Moving On: How to Find New Purpose After a Conviction

You messed up. Whatever the case is, you now find yourself on the wrong end of the justice system. You are dealing with all the things that come with a legal case: tons of legal fees, pain with your family, and perhaps incarceration.

This is a tough time, but you need to stay focused and get through this. The following are some ideas to help you find renewed purpose in your life.

Stay Positive

For many people, a legal conviction can begin a downward spiral in their lives. They lose hope and start making mistakes that hurt them more. You need to avoid this.

This whole situation is a test in your life, and if you believe in yourself, then you can make it through. You need to know that you are capable of building a positive and productive life for yourself in the future. Do not let negativity snowball into a bad pattern.


Remember Your Family

Getting a conviction can many times hurt our relationships with our families and loved ones. Sometimes it is the financial strain that breaks a relationship. Other times it is just the pain that comes with the situation.

You owe it to your family to be better. Do what you can to make amends and show them you are capable of changing. Deal with this legal situation: do your service, do your time, whatever it is. Then start to move on and begin rebuilding.


Find the Right Attorney

A good attorney can make all the difference in the world. A good attorney will help you navigate through a situation to the best possible outcome. It is essential you hire someone who knows what they are doing and has your best interests in mind. According to a DWI lawyer in Austin TX, even a small misdemeanor should be handled by someone skilled in more complex criminal charges for the best possible outcome.

Turn your Life Around

Once you have dealt with the legal situation of your conviction, it is time for you to begin turning your life around. For many people this can mean finding new work and a means of supporting themselves. Your attorney may be able to help you find a program for people with convictions that can help you do this.


A legal conviction is not the end of the world. It is up to you to decide how you want to look at this. Will this be the situation that defines you for the rest of your life? Or will you use it as a wakeup call to begin rebuilding your life in a better way? You and only you have the power to find new purpose after this conviction.

How Common is Prosecutorial Overreach in the United States?

Our mission is to help those who have been accused or convicted of a crime get back on their feet. If this is you, you know that this is an uphill battle. There are forces in this world that are hellbent on keeping you down. Unfortunately, in some jurisdictions, one of these forces is the prosecutor’s office themselves.

Prosecutorial overreach runs rampant in U.S. courts, both at the state and federal levels. Law enforcement and prosecutors perceive the need to play tough to build cases and secure convictions. While being tough to get results may be part of their job descriptions, many fail to recognize that playing fair is also their duty.


The Brady Rule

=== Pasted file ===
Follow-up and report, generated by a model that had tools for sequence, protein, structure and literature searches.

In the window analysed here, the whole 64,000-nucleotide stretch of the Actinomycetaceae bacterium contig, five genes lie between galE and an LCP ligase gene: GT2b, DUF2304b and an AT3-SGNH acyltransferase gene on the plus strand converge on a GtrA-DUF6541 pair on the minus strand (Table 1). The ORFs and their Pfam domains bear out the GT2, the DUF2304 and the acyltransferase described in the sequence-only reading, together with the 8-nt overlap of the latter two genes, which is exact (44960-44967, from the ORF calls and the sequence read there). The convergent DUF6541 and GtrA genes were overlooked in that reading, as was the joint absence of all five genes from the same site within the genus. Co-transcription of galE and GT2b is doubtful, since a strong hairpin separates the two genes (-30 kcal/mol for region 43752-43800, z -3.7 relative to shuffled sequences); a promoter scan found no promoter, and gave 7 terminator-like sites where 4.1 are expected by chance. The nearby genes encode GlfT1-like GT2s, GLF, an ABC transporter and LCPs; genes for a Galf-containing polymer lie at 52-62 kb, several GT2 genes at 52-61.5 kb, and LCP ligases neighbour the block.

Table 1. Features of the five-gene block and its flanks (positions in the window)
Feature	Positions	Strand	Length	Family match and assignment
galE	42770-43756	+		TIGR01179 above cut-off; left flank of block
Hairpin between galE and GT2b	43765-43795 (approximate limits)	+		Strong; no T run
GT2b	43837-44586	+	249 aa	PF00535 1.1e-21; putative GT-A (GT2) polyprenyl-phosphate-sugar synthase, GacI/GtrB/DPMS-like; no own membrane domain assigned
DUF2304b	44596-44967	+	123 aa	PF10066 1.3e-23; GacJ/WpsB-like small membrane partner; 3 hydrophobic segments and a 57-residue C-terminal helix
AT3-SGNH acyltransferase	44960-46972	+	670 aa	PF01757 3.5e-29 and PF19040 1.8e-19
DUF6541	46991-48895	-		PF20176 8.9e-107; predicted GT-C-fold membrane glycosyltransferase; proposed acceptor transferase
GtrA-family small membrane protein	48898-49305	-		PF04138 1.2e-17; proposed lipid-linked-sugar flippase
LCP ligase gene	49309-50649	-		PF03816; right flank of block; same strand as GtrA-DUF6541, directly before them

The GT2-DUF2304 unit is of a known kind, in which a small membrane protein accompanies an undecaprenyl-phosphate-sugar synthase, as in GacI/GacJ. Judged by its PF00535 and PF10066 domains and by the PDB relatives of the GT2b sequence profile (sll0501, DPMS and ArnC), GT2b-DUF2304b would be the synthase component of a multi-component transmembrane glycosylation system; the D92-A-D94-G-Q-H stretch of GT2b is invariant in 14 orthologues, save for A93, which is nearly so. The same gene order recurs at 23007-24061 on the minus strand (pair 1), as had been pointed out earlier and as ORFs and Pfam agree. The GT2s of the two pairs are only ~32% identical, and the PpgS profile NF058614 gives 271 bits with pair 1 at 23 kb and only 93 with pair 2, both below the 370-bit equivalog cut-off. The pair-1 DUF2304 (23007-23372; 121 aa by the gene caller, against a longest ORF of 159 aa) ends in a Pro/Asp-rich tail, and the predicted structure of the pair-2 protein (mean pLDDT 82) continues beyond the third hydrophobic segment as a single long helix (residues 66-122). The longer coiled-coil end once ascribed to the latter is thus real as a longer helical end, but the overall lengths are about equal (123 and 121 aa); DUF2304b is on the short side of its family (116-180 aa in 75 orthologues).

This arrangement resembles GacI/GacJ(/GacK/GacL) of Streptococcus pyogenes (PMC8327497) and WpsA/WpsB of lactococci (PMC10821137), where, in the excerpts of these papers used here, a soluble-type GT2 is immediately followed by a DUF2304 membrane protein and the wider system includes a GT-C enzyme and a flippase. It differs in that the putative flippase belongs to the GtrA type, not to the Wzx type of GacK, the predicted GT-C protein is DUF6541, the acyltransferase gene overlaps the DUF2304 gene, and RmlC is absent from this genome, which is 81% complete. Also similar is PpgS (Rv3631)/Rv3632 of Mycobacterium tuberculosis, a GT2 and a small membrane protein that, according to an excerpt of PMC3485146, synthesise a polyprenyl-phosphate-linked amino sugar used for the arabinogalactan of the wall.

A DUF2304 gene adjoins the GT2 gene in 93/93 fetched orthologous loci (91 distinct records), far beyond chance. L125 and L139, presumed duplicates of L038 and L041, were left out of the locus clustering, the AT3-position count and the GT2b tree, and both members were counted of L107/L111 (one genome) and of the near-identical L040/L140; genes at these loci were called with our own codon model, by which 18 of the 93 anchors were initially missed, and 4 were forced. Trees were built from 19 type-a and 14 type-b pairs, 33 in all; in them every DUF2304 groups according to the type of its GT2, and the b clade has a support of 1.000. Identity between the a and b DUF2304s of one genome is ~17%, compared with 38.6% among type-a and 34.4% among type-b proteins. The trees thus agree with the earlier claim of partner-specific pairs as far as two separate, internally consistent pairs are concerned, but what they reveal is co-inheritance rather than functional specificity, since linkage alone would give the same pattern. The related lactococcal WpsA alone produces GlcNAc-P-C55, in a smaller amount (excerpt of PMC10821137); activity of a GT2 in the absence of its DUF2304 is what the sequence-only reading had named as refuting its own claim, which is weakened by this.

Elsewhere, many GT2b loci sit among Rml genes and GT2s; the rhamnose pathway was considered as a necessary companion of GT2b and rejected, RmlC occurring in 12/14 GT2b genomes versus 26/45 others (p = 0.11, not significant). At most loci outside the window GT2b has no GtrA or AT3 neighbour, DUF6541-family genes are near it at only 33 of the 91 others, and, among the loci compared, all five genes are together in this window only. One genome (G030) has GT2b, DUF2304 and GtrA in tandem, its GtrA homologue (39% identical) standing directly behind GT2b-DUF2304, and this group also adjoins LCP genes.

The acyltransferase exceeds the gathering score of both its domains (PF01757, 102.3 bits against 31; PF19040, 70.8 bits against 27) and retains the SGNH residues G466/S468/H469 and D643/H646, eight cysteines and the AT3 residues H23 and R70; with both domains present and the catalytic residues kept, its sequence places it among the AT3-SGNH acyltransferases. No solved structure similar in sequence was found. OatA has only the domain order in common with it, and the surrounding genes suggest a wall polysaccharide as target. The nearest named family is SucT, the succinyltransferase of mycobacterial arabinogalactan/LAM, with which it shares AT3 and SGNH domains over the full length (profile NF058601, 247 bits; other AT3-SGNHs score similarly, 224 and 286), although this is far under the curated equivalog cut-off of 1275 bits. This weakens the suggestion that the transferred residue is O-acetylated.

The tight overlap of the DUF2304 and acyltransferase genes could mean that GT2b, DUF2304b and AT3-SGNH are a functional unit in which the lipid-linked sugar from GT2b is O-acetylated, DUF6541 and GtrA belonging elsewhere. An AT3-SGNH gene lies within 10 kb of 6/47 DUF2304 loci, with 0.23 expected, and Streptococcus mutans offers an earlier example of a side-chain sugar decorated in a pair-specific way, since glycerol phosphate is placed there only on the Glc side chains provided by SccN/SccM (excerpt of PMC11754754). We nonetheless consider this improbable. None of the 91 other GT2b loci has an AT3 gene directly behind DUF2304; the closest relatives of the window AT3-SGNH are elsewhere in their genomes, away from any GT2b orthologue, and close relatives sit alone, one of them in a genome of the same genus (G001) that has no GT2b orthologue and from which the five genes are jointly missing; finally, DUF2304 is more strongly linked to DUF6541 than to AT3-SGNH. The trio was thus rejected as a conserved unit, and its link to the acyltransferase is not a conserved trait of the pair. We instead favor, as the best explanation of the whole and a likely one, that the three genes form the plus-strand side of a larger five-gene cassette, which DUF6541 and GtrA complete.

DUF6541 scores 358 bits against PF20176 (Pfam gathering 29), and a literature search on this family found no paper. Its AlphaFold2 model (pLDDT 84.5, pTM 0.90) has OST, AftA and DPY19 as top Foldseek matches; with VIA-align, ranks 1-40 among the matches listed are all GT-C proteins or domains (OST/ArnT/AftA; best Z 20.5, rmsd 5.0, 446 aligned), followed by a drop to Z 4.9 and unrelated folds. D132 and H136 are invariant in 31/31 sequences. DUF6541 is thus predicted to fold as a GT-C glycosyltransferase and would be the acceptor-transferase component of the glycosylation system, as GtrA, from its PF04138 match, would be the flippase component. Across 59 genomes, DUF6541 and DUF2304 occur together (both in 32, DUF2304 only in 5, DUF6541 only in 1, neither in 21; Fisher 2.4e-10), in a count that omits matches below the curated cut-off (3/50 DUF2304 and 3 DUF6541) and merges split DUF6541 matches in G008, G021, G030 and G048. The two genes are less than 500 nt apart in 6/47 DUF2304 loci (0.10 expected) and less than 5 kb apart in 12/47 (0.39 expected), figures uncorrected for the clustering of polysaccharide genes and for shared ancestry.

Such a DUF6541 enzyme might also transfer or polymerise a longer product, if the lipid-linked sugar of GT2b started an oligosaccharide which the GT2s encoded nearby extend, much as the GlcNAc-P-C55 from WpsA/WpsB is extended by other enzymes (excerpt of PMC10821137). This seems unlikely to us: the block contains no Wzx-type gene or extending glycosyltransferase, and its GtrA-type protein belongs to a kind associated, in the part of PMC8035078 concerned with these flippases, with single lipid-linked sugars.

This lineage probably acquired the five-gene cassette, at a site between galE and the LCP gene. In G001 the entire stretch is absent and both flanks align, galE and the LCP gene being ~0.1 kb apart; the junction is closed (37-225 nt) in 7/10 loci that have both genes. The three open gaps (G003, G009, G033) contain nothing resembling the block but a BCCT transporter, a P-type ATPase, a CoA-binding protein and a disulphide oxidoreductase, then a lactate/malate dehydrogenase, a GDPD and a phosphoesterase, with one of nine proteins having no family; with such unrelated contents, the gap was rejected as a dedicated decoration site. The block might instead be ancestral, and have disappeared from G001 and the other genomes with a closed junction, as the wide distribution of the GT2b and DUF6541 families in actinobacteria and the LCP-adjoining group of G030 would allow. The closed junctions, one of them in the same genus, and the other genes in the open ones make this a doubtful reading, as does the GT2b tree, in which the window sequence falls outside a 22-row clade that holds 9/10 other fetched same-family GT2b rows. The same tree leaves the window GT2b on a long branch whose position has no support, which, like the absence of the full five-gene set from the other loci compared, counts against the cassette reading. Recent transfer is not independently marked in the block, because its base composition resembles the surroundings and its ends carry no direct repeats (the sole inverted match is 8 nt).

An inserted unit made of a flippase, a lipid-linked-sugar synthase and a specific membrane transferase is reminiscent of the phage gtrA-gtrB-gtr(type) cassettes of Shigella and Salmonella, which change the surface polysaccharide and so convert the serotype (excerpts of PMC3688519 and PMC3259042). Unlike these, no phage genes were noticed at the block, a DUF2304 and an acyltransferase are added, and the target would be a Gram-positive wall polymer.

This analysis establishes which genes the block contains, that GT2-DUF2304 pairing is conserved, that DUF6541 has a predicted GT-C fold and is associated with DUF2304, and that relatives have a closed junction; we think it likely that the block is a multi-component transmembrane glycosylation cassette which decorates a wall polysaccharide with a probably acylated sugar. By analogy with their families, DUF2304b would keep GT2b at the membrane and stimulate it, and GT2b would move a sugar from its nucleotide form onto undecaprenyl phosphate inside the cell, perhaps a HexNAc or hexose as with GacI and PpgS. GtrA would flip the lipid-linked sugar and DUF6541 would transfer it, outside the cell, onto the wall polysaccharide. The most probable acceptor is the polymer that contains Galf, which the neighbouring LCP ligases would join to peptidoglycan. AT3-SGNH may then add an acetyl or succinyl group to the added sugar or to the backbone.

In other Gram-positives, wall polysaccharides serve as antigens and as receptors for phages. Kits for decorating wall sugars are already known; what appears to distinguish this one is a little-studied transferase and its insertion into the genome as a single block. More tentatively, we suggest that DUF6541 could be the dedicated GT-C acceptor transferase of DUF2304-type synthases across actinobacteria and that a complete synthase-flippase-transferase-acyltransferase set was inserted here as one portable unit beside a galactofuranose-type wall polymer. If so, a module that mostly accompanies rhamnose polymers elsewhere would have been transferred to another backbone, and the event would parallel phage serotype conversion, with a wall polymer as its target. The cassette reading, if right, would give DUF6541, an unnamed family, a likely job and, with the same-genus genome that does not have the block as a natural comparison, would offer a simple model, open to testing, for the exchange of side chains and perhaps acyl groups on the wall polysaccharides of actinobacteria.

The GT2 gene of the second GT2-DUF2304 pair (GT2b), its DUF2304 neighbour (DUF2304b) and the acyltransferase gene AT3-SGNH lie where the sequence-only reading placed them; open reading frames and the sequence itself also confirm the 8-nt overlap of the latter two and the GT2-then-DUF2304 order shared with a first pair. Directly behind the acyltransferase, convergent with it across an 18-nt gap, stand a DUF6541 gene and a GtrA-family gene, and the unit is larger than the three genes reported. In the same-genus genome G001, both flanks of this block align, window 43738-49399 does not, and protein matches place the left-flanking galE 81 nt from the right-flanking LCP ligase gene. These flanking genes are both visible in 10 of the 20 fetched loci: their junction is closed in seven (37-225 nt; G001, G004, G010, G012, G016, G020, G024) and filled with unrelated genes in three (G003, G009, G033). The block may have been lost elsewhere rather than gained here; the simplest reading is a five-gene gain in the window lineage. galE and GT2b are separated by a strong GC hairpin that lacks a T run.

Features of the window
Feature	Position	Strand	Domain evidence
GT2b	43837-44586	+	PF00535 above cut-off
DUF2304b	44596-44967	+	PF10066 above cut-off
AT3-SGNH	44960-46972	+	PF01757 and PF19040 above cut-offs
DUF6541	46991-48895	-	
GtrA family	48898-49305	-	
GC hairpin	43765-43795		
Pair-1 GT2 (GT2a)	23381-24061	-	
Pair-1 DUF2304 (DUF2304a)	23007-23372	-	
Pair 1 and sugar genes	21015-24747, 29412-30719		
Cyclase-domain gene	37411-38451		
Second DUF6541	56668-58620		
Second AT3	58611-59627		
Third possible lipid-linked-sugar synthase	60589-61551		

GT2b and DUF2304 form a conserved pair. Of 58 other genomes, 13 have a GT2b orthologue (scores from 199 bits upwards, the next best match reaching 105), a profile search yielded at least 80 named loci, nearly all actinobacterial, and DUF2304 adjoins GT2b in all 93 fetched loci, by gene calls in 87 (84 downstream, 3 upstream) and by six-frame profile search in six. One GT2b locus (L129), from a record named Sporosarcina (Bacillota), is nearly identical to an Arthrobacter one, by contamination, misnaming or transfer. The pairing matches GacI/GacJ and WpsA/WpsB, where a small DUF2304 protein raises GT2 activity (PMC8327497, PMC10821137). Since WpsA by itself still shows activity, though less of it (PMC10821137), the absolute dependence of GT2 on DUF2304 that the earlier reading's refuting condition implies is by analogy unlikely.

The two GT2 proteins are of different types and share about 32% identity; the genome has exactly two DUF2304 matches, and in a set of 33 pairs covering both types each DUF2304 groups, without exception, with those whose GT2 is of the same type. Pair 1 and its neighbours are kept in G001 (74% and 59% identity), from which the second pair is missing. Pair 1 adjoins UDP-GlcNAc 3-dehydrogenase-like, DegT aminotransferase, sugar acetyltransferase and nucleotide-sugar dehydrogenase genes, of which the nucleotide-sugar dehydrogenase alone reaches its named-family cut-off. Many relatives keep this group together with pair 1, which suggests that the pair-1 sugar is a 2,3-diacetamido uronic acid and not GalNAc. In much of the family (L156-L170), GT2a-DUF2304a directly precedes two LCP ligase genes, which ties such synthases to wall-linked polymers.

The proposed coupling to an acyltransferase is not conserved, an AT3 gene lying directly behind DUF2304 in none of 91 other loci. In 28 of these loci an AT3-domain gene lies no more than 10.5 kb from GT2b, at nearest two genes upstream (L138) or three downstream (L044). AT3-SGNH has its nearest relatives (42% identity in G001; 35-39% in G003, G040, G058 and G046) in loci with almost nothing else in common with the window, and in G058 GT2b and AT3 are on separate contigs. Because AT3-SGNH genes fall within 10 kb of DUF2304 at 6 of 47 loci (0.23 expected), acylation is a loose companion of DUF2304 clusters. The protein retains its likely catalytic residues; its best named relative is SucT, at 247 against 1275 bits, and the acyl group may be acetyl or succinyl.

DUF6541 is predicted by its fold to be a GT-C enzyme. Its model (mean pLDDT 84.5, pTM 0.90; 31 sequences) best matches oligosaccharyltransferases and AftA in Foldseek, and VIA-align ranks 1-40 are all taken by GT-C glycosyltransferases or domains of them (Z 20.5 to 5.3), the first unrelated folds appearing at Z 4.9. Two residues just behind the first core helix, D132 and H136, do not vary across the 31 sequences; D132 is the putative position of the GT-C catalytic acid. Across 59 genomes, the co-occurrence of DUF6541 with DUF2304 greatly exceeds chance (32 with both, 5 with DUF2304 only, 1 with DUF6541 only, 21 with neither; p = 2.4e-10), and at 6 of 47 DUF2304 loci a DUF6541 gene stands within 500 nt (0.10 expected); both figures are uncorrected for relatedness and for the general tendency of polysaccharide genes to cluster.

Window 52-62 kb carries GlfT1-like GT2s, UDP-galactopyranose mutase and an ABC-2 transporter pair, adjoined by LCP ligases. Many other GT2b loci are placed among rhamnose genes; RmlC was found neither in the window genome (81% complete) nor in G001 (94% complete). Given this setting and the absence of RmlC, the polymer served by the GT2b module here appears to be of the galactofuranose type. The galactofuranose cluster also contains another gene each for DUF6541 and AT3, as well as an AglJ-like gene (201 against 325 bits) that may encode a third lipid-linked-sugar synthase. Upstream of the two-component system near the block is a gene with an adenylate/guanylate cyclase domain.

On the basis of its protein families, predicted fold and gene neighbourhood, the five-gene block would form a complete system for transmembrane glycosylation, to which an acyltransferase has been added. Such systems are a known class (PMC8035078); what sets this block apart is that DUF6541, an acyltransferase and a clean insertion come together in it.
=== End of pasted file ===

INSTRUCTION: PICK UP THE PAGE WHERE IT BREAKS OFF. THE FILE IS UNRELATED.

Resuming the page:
Criminal law provides for crucial procedures and rights designed to provide the accused with the presumption of innocence and the right to a fair trial, in conjunction with the 4th, 5th, 6th, 7th, and 8th amendments. When prosecutors decide to take a win-at-all-costs mentality, they are tempted to cheat, or at least cut corners. When they cheat, they violate defendant’s constitutional rights. Unfortunately, this results in many defendants being convicted of crimes they did not commit – or the punishment won’t fit the crime.

One of the most common forms of prosecutorial overreach is a violation of the Brady rule. This rule requires prosecutors share any exculpatory evidence with the defense. Exculpatory evidence, which shows a defendant’s innocence, usually winds up in the hands of prosecutors as a result of law enforcement investigations. For example, a police report of a witness’s description of a suspect that does not match the defendant would be exculpatory. When prosecutors fail to turn such a piece of evidence over to the defense, they violate the Brady rule.

Judge Says Brady Rule Violations Are Epidemic

In 2013, the Chief Judge of the 9th Circuit U.S. Court of Appeals, Alex Kozinski, wrote in a judicial opinion, “There is an epidemic of Brady violations abroad in the land.” The judge went on to say he believes judges must work harder to stop these violations. In the case, he wrote the opinion for, prosecutors failed to turn over information that the scientist who conducted forensic testing in the case had a history of providing wrong information in criminal law cases, including intentional misconduct that resulted in the conviction of innocent people.

Prosecutors Facing Little Oversight





Part of the problem stems from the fact that prosecutors face too little oversight. As the system works, prosecutors have the discretion to decide what qualifies as exculpatory. Since they are under high pressure to win cases, there is a tendency toward bias in making these determinations. When courts find that prosecutors have withheld exculpatory evidence, prosecutors rarely face serious consequences.

Overreach from a prosecutor, whether from a Brady violation or other misconduct, greatly diminishes defendant’s rights to a fair trial. Defense attorneys work hard to keep prosecutors honest by demanding all exculpatory evidence, and when exculpatory evidence is withheld, they demand the dismissal of wrongful charges.

 Image Credit: Eric Harron Criminal Defense


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